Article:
Modified B9, B12–13, B16 and B23–28 formModified B9, B12–13, B16 and B23–28 form

Modified amino acid sequences can be produced
through Recombinant DNA technology; aiming to create analogues of insulin with
altered pharmacokinetic properties such as fast or slow onset of actions. High
affinity insulin to receptors can be considered as a potential economic benefit
, by utilizing smaller amount of insulin per therapeutic dose. It has been
identified which amino acid residues are interacting with the insulin receptor  (A1,A5, A19,
A21, B10, B16, B23-25), and a number of analogues containing amino acid

at several of these points have been manufactured. Replacement of
histidine by glutamate at the B10 position, for example, leads to the formation
of an analogue displaying five times more activity in vitro. But that does not reflect the same situation in vivo. Disabling dimerization or
stopping the formation of higher polymers at therapeutic doses were attempts to
allow the formation of faster acting insulins.  Amino acids at positions B8, B9, B12–13, B16
and B23–28 form the contact point between insulin dimers/oligomers.  Thus, analogues with various substitutions at
these positions were produced . Promoting steric hindrance and charge repulsion
through the insertion of a bulky or charged amino acid respectively was an
approach adopted to prevent the formation of dimers/oligomers. Therefore
engineered fast acting insulins; are directly absorbed into the bloodstream and
can be taken  at mealtimes rather than 1
or 3 hours before meal.   ‘Insulin
lispro’ (tradename ‘Humalog’) was the first such engineered short-acting
insulin to come to market.

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‘Insulin Aspart’ is a second fast-acting engineered human insulin
analogue now approved for

general medical use. In this insulin; proline at position B28, was
substituted by aspartic acid  It differs
from native human insulin in that the prolineB28 residue has been replaced by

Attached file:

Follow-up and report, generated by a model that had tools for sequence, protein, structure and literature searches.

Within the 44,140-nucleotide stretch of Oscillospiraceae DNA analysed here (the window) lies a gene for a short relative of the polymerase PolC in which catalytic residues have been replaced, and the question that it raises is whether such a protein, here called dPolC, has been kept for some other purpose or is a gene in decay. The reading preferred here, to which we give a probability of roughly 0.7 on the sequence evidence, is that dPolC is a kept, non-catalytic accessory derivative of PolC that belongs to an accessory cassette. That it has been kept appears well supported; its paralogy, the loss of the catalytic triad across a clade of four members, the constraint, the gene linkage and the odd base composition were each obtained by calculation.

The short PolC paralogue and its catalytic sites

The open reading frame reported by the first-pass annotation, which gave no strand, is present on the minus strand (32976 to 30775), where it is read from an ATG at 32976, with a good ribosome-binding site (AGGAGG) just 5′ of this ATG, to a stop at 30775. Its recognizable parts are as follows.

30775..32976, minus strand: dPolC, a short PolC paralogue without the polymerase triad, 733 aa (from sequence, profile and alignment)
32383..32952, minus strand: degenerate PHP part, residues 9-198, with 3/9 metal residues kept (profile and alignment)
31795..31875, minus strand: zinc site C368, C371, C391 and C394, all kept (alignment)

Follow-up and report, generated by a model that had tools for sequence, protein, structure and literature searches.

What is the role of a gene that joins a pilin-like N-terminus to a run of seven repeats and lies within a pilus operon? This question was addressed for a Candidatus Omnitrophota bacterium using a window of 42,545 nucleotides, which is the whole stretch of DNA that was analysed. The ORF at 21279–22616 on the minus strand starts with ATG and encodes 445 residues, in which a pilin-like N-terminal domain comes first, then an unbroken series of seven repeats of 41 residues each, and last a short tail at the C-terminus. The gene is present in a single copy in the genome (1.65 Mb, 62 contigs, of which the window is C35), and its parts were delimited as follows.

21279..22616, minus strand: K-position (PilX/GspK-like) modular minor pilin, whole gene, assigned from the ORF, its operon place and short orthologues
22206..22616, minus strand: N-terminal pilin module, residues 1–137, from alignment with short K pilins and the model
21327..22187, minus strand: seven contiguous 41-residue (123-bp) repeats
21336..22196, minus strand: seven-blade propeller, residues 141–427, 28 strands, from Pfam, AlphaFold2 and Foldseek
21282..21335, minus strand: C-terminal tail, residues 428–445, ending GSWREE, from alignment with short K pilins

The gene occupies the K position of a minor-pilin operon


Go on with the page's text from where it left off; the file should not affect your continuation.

aspartic acid. This inhibits the potential of self -association between the
molecules and thus allowing it  to
directly enter the blood stream from the site of injection immediately upon

While interests were focused on developing fast-acting insulin; other
people worked on generating longer-acting insulin. Long acting insulin include
Zn-insulin and protamine-insulin suspensions which shows a plasma half -life of
20-25 h. But longer acting insulin were developed through selected amino acids
substitutions and were shown to have a plasma half-life of 35 h . insulin
glargine is one of these insulin and it differs from the native insulin in that
the aspargine residue in the C-terminal of the A chain has been substituted
by  a glycine residue , and the B chain
has been elongated again by two arginine residues from the C-terminus also. The
tradenames of insulin glargine available in the market are lantus and
Optisulin. The ultimate goal is to increase the isoelectric point PI ( the pH
at which the molecule displays a zero charge with minimal solubility) from 5.4
to 7. The engineered insulin is expressed in a recombinant E. coli K12
host strain and is produced via the ‘proinsulin.. The purified product is
formulated at pH 4.0, a pH value at which it is fully soluble and charged. Once
it is injected subcutaneously, the pH rises from 4 to 7, thus precipitating in
the subcutaneous tissue since its 
solubility decreases upon reaching the PI.

Upon s.c. injection, the insulin experiences an increase in pH towards
more neutral values

and, consequently, appears to precipitate in the subcutaneous tissue.
Hence a greatly prolonged release duration since the resolubilization process
is happening slowly. Therefore, it is enough to inject once daily and maintain
of an acceptable basal blood insulin levels.

Levemir (tradename) is an alternative engineered long-acting insulin
product that gained approval for general medical use in 2004  it is different from the native insulin in the
absence of the B30 threonine residue and therefore altering the pharmacokinetic
properties. In addition to that, a 14-Carbon 
fatty acid residue is covalently bonded to the side chain of lysine
residue B29. Subsequently, insulin can bind reversibly to albumin, both in
plasma and site of injection. Prolonged release of free insulin will occur as a
result of this binding ; and the duration of action is up to 24 h.

Product manufacture entails initial expression of insulin in engineered Saccharomyces
cerevisiae, purification and acylation (attachment of the fatty acid

The generation of engineered insulin analogues raises several important
issues relating to product safety and efficacy. Alteration of a native
protein’s amino acid sequence could render the engineered product immunogenic.
Such an effect would be particularly significant in the case of insulin, as the
product is generally administered daily for life. In addition, alteration in
structure could have unintended influences upon pharmacokinetic and/or
pharmacodynamic characteristics of the drug. Preclinical and, in particular,
clinical evaluations undertaken upon the analogues thus are approved, however,
have confirmed their safety and efficacy. The sequence changes introduced are
relatively minor and do not seem to elicit an immunological response.
Fortuitously, neither have the alterations made affected the ability of the
insulin molecule to interact with the insulin receptor, and trigger the
resultant characteristic biological responses.